Dik-diks take cover to hide from predators—human or otherwise

  • Spread the word


Conservation Status:

Least Threatened

  • Males have small 3 inch horns
  • There are 5 recognized species
  • Reach speeds up to 42 km (26 mi) an hour

Quick Facts

Scientific name

Madoqua Kirkii


10 to 12 lb.


14 to 16 in. at the shoulder

Life span

3 to 4 years, 10 years in captivity


Dense forest to open plains




6 months


Humans, many small carnivores


Where do dik-diks live?

Dik-diks tend to live in habitats with good cover but without tall herbage. And, they move to different ranges when grass grows too high and obstructs their view. 

Tags: Kenya, Namibia, Tanzania, East Africa, Southern Africa, Kazungula, Kilimanjaro, Samburu, Maasai Steppe View Africa | Habitat

Physical Characteristics

What are dik-diks?               

Kirk’s dik-diks are tiny antelopes that vary in color depending on their habitat. These animals have beautiful, large, dark eyes surrounded by a white ring. And while their eyes are stunning, they provide more than just sight. Preorbital glands appear as a black spot below the inside corner of each eye. These glands produce a dark, sticky secretion used to scent-mark their territories.

Dik-diks have also evolved a cooling mechanism within their snouts that stops them from overheating, even in extreme temperatures of up to 104°F. This also helps minimize their need for water. 

Behavior & Diet

Dik-diks survive by hiding.

Dik-diks have well-developed sight, scent, and hearing. When dik-diks feel they’re in danger or hear the alarm calls from other animals, they hide instead of fleeing from predators. And when frightened or disturbed, dik-diks make a whistling sound through the nose that sounds like “zik-zik,” and this is probably how they got their name.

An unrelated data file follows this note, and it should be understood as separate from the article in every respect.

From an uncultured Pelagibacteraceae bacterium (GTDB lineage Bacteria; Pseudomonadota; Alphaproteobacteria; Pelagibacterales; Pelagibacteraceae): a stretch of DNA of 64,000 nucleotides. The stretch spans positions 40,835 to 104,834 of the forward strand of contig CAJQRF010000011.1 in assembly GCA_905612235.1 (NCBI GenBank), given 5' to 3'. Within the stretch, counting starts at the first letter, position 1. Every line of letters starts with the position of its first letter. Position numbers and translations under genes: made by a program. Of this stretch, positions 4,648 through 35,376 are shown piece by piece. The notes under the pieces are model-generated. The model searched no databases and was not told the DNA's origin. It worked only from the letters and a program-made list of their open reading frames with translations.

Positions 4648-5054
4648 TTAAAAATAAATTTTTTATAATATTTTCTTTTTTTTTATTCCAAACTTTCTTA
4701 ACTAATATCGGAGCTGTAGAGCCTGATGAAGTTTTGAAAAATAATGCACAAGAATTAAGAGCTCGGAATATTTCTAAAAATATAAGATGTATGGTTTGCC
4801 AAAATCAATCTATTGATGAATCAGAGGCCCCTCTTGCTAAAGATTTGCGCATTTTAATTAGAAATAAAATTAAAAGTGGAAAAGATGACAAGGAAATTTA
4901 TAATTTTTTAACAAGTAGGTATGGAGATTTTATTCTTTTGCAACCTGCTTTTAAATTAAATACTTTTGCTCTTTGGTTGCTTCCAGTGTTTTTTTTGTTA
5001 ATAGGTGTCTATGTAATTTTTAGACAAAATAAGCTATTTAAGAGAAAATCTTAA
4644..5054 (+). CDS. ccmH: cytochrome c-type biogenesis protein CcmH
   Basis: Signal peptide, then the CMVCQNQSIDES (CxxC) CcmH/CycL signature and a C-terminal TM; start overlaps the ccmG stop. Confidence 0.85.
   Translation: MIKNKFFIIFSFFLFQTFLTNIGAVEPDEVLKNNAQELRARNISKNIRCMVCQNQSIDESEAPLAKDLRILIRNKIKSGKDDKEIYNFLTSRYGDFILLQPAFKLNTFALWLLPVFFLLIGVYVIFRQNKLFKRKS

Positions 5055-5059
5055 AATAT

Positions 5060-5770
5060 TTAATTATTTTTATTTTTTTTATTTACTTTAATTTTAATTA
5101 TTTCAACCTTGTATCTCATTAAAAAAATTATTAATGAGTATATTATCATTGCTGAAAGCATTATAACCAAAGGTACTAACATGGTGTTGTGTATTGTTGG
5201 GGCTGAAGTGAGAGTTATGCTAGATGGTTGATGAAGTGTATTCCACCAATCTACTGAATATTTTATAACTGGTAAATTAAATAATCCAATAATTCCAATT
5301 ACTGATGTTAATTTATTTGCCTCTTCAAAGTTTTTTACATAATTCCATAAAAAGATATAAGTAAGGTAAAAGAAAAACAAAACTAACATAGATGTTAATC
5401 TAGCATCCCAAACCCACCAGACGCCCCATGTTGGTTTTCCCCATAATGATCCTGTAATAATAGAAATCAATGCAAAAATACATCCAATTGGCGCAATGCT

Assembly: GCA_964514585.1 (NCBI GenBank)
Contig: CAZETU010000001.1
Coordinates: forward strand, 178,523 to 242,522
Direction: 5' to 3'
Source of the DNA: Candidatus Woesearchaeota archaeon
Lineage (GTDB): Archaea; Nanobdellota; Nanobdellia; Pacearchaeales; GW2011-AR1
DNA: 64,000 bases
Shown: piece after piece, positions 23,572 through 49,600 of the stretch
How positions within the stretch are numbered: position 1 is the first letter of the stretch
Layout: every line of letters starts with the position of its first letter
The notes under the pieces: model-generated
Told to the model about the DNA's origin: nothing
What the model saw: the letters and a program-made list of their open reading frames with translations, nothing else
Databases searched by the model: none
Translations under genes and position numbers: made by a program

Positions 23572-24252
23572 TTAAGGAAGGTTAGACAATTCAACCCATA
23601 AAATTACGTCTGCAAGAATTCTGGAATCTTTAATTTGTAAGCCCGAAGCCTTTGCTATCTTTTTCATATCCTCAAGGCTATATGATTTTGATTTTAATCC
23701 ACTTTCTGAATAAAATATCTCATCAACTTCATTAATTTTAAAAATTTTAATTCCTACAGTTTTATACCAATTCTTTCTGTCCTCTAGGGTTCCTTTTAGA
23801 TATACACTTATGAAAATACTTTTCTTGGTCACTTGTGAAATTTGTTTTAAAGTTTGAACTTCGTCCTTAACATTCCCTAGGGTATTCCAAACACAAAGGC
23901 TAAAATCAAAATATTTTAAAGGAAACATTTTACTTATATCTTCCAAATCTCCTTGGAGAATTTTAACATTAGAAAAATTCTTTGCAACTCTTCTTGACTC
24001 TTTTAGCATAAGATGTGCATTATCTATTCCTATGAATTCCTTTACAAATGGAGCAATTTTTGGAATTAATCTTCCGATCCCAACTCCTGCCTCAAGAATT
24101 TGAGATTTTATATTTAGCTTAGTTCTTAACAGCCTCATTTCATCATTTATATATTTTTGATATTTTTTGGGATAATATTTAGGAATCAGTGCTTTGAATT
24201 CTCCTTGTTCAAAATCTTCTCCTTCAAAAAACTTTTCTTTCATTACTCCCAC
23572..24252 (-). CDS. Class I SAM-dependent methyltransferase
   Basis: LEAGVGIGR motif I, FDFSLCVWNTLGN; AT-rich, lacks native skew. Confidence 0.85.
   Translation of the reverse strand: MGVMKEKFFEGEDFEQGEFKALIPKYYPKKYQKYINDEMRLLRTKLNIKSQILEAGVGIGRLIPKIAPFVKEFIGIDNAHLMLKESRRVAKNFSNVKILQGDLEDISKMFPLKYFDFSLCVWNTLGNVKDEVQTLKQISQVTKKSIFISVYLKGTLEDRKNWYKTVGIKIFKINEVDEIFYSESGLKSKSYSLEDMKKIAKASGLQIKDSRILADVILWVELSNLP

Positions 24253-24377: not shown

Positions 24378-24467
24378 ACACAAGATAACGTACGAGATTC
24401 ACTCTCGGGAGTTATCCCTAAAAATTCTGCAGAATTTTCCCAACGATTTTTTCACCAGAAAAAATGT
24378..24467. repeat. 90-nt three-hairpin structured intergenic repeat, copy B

Dik-diks mate for life and live together in low bush areas along dry, rocky stream beds. They are rarely seen apart from their partners. Mostly nocturnal, dik-diks avoid the heat of day; this also helps them prevent unnecessary water loss.

Thanks to an evolved cooling mechanism, dik-diks are water-independent.

The dik-dik eats foliage, shoots, fruit, and berries. Because of their body’s evolved cooling ability, they are water-independent, getting water from the vegetation they eat. 

  • Dikdik Mark Boulton
  • Dikdik Billy Dodson
  • Dikdik Billy Dodson
  • Dikdik AWF

Dik-diks don’t deserve to end up as jewelry or gloves.

People are the dik-diks’ biggest threat and have long hunted them, setting snares along their paths. Small bones from their legs and feet are used in traditional jewelry. Their skins are often made into suede for gloves.


Our solutions to protecting the dik-dik:

  • Provide support for creating conservation businesses.

    With the strategic support of African Wildlife Foundation, the Entonet/Elerai Massai community opened Satao Elerai, a luxury lodge situated on 5,000 acres of land in Southern Kenya. Revenue from the lodge is reinvested into supporting the community and conserving wildlife such as the dik-dik.

  • Equip staff.

    We are also equipping park staff, including wardens and rangers, with the technology they need to monitor the park and help protect these animals from threats.


Will you show dikdiks your support?

Dikdiks need you. With your help, AWF can work on projects like supporting conservation businesses in places where dikdiks live as well as helping park rangers and wardens with technology to monitor parks and keep the dikdiks safe from poachers. Donate for a cause that will help with wildlife conservation and ensure dikdiks never become an endangered species.

  • Mau Forest Peter Chira
    Mau Reforestation
    Planting trees in a critical forested ecosystem

    Kenya’s ecological health is in danger.

    The ecological health of the Mau Forest Complex in Kenya’s Rift Valley region is in imminent danger. Deforestation and...

    Read more
    All Projects

Get Involved

Become a member

Join African Wildlife Foundation as a member for just $25. Your partnership is vital to our mission to protect Africa’s most precious - and imperiled - creatures.

Join Now

  • Spread the word